Michiel Ceulers: Rien De Plus Qu’Un Théâtre D’Idées Fluctuantes
Et Des Échos De Développements Futurs
— The Arts Club, London

Installation View: Michiel Ceulers, The Arts Club

Michiel Ceulers, Comment Tuer l’Amant de Sa Femme Quand on a Été Élevé Comme Moi dans La Tradition? 2013 – 2014, Oil spray paint and collage on canvas, 200 x 180 cm

Michiel Ceulers , Der Charme einer vorbeigehenden Frau steht in der Regel in direktem Zusammenhang mit der Geschwindigkeit Ihrer Bewegung, 2013 – 2014, Oil spray paint and collage on canvas, 250 x 200cm

Michiel Ceulers, Rien de plus qu’un théâtre d’idées fluctuantes et des échos de développements futurs, 2013 – 2014, Oil spray paint and collage on canvas, 250 x 200cm

Michiel Ceulers, An attempt to linguistically jeopardise the raison d’etre of art, 2009 – 2014, Collage: oil spray paint, acrylic, staplers, wood glue, collage on canvas, 100 x 270 cm

Installation View: Michiel Ceulers, The Arts Club

Installation View: Michiel Ceulers, The Arts Club


Installation View: Michiel Ceulers, The Arts Club

Emerging Belgian artist Michiel Ceulers pushes the boundaries of painting tradition with his experimental approach to abstractions, from tactile grids to shaped canvases and collages. Ceulers’ process incorporates both predetermined and random marks and gestures, as well as such mistreatments as sanding, puncturing and tearing. He describes his practice as setting out choreographies that incorporate improvisation.

Ceulers is intensely aware of painting’s long history and seeks to strip his works of the baggage that comes with it. Discussing his grid paintings he has said: “I am interested in the possibilities of abstract painting because it is politically dead. It failed. It’s like the idea of Malevich going from the peasants to the black square, then going back again. So there is not really much to say, you are already at that point of zero degrees, which I think is really interesting to work with.”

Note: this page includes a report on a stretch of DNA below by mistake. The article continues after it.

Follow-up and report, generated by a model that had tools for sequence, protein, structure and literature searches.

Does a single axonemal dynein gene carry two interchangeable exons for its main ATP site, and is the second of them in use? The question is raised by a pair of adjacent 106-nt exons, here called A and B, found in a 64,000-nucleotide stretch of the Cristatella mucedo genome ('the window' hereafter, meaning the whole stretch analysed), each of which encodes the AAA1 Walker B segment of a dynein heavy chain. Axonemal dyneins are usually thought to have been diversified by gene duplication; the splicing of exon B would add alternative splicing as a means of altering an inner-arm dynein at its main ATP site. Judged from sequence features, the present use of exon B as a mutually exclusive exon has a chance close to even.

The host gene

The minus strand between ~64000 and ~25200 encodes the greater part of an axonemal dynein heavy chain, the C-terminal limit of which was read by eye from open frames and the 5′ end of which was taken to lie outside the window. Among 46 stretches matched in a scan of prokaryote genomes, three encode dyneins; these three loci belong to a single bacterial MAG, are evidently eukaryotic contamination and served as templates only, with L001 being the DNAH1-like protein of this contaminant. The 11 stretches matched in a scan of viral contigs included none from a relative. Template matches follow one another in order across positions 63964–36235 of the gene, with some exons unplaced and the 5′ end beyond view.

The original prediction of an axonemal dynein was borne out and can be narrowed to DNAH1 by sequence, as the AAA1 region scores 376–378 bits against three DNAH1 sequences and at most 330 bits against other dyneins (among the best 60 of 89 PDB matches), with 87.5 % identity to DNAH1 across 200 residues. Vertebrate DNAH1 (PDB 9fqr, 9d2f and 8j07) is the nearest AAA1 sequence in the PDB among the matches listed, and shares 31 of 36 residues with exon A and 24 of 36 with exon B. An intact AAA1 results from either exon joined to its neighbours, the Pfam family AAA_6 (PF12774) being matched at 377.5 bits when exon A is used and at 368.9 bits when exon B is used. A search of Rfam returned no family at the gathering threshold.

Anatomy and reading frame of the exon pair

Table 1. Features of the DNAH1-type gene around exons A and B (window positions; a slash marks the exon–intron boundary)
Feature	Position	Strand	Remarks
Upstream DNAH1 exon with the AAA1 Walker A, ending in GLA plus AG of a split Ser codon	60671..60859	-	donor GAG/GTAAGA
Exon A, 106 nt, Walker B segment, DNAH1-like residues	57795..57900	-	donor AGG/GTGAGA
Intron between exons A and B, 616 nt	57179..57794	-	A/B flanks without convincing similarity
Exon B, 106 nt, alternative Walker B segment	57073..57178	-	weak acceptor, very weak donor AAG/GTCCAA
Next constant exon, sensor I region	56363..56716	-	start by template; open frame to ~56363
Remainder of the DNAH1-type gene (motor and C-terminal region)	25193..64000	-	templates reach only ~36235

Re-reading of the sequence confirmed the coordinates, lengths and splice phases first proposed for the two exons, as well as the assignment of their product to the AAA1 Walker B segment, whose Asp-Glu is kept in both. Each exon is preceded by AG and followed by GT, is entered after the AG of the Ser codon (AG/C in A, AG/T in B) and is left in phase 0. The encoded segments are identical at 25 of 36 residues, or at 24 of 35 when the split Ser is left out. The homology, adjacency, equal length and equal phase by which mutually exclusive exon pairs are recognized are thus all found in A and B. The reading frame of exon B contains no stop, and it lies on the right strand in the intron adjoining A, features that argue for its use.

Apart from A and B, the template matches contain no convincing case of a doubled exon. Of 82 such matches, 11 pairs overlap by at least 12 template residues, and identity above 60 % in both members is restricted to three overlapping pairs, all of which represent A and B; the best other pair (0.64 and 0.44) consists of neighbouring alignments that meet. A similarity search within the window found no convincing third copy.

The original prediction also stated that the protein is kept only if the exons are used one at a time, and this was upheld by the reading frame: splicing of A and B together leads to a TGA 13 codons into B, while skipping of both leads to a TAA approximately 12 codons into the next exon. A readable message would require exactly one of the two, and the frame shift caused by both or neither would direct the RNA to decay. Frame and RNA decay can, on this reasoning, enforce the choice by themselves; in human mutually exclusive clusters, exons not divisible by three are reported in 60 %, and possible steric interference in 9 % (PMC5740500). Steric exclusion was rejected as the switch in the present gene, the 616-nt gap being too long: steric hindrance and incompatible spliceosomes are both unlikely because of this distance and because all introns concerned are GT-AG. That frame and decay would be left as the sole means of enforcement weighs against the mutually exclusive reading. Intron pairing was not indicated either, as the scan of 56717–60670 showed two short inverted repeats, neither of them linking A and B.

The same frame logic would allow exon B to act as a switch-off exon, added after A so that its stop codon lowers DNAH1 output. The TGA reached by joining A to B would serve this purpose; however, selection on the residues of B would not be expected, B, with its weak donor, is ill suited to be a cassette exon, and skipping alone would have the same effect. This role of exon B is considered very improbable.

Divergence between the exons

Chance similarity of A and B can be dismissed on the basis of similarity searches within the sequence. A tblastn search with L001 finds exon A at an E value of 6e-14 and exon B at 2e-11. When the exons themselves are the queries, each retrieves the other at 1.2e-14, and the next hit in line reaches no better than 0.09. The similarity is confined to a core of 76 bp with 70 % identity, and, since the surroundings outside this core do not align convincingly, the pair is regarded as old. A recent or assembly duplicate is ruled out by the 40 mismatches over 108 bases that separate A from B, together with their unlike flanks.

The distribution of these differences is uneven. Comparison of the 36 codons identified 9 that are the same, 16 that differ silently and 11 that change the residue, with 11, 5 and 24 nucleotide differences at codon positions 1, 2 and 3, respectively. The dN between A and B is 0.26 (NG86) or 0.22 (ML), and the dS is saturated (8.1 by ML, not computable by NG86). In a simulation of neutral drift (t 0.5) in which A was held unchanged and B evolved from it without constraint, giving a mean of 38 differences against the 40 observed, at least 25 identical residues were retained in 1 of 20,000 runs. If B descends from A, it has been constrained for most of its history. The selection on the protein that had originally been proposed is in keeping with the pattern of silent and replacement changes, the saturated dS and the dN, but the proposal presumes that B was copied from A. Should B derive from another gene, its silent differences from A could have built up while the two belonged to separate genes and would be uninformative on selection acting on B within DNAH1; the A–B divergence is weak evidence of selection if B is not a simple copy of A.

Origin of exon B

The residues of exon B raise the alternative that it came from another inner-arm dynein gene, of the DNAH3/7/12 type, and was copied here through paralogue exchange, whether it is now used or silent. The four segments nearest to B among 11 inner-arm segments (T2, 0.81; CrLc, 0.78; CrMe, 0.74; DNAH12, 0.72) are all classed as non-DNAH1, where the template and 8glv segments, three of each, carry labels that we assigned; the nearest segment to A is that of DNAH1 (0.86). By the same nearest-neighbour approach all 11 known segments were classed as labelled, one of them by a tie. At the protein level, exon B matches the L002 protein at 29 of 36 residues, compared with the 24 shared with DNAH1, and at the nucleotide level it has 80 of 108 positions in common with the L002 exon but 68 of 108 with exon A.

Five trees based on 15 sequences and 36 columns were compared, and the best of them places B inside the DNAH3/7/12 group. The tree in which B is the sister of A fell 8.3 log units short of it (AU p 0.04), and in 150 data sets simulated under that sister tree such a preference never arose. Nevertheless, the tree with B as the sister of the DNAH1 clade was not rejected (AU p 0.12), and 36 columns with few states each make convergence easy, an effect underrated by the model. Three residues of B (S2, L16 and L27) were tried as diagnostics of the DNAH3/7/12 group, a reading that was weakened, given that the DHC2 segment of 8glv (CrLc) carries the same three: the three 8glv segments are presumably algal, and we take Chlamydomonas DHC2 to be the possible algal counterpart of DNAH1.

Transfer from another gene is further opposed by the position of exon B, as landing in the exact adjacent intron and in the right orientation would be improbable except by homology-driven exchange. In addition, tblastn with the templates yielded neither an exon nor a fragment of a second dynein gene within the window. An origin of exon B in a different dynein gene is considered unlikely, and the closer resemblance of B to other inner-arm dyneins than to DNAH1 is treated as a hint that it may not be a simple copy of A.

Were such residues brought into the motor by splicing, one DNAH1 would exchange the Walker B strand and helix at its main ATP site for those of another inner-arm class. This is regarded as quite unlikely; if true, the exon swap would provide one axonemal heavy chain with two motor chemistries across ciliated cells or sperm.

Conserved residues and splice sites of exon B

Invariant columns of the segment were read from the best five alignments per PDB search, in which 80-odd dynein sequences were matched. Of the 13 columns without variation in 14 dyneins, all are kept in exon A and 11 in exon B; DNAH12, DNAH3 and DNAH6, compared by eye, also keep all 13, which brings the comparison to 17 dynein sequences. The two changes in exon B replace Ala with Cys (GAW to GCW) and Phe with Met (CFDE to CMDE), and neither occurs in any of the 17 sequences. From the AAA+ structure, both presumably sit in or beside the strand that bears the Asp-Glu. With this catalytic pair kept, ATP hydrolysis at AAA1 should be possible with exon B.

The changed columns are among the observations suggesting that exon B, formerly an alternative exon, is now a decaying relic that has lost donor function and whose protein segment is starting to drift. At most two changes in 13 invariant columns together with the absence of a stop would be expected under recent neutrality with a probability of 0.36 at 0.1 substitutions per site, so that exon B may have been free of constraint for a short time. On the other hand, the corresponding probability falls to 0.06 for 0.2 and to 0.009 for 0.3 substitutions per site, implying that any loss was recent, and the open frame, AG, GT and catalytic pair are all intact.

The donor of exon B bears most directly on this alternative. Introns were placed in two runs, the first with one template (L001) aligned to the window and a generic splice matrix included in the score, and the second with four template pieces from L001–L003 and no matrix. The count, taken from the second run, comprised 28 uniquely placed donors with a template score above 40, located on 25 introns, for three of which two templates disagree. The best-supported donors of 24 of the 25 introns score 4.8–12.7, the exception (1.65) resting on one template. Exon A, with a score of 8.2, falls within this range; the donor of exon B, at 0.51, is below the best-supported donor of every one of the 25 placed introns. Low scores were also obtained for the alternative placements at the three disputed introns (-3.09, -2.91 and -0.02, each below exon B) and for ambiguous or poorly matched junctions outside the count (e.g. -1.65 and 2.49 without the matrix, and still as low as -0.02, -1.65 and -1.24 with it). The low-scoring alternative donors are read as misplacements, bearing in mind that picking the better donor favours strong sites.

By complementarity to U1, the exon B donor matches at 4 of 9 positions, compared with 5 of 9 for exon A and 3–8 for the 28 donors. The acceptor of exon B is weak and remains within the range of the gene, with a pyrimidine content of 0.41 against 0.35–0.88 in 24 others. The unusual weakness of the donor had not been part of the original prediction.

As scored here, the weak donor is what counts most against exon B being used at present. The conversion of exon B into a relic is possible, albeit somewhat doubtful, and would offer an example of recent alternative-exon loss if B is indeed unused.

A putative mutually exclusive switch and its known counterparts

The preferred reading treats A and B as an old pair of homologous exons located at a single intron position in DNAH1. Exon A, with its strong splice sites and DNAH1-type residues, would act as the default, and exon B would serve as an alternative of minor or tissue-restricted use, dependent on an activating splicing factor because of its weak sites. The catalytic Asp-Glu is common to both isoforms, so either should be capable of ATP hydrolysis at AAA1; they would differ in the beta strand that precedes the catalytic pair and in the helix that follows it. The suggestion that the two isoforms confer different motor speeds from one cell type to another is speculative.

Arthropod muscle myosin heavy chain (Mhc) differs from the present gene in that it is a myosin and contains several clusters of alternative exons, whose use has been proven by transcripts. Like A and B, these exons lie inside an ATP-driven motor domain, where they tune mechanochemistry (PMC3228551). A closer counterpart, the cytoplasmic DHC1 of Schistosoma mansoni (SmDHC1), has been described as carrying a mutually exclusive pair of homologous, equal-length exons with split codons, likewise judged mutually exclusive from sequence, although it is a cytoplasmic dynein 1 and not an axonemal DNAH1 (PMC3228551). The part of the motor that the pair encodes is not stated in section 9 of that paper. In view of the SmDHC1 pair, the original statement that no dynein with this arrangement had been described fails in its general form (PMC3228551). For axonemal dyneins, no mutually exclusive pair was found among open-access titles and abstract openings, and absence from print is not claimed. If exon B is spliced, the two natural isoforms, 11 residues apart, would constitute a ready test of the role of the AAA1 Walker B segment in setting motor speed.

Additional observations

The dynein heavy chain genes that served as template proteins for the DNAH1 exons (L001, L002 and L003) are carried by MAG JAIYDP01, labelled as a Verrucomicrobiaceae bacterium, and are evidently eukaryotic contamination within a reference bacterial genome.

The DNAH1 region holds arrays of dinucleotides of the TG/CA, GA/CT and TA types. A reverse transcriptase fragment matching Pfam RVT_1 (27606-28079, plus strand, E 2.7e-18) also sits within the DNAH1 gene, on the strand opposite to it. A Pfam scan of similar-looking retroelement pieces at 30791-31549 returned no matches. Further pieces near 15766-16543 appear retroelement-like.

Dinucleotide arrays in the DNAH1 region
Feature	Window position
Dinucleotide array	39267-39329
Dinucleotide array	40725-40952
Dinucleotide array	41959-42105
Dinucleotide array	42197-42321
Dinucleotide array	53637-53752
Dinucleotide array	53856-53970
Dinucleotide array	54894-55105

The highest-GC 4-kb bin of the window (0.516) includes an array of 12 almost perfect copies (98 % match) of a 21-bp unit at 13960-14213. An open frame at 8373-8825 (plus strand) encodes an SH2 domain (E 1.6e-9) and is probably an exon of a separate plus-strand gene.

For his show at The Arts Club Ceulers has created a new series of grid paintings which he refers to as ‘Two Face’ paintings. These works consist of the collaging together of two different grid paintings on the same picture field. The works should be seen as the joining of two related paintings together. While a likeness to the two-faced villain from Batman is apparent in the work, one can also see them as the meeting of two parts, in an almost Brancusi-like kiss.

In his collages Ceulers is interested in bringing together different parts of paintings, made over several years. The rough surfaces highlight the decay and the scars that came from their wanderings around the artist’s studio. Ceulers describes these collages as special. For the artist they are an attempt to retrace his activities in the studio, a record of the residues that his movements generated.

Playing with meaning and interpretation, Ceulers often uses long-phrased titles – philosophical statements, song lyrics, movie quotes or bon mots – as an attempt to narrate abstraction, to lead or mislead the gazing eye of the beholder or simply to try to linguistically translate the idea of mark making. These include I’ve Got A Vision of Nature Implanted in my Brain / Rose is a rose is a rose is a rose, or My name is not a game (Old school), or, for a disjointed diptych, A Little Less Conversation – and one gets the sense that the artist is teasing the very nature of abstraction.

Born in 1986 in Waregem, Belgium, Ceulers did his MA in Painting at KASK, Ghent and thereafter completed a two year residency at the Rijksakademie in Amsterdam. Ceulers now lives in Berlin and had recent shows in Kunstmuseum Stuttgart, Gemeentemuseum Den Haag and the Bonnefanten museum Maastricht, Nougeras Blanchard in Madrid and Mihai Nicodim in Los Angeles.

The exhibition is curated by Amelie von Wedel and Pernilla Holmes of Wedel Art.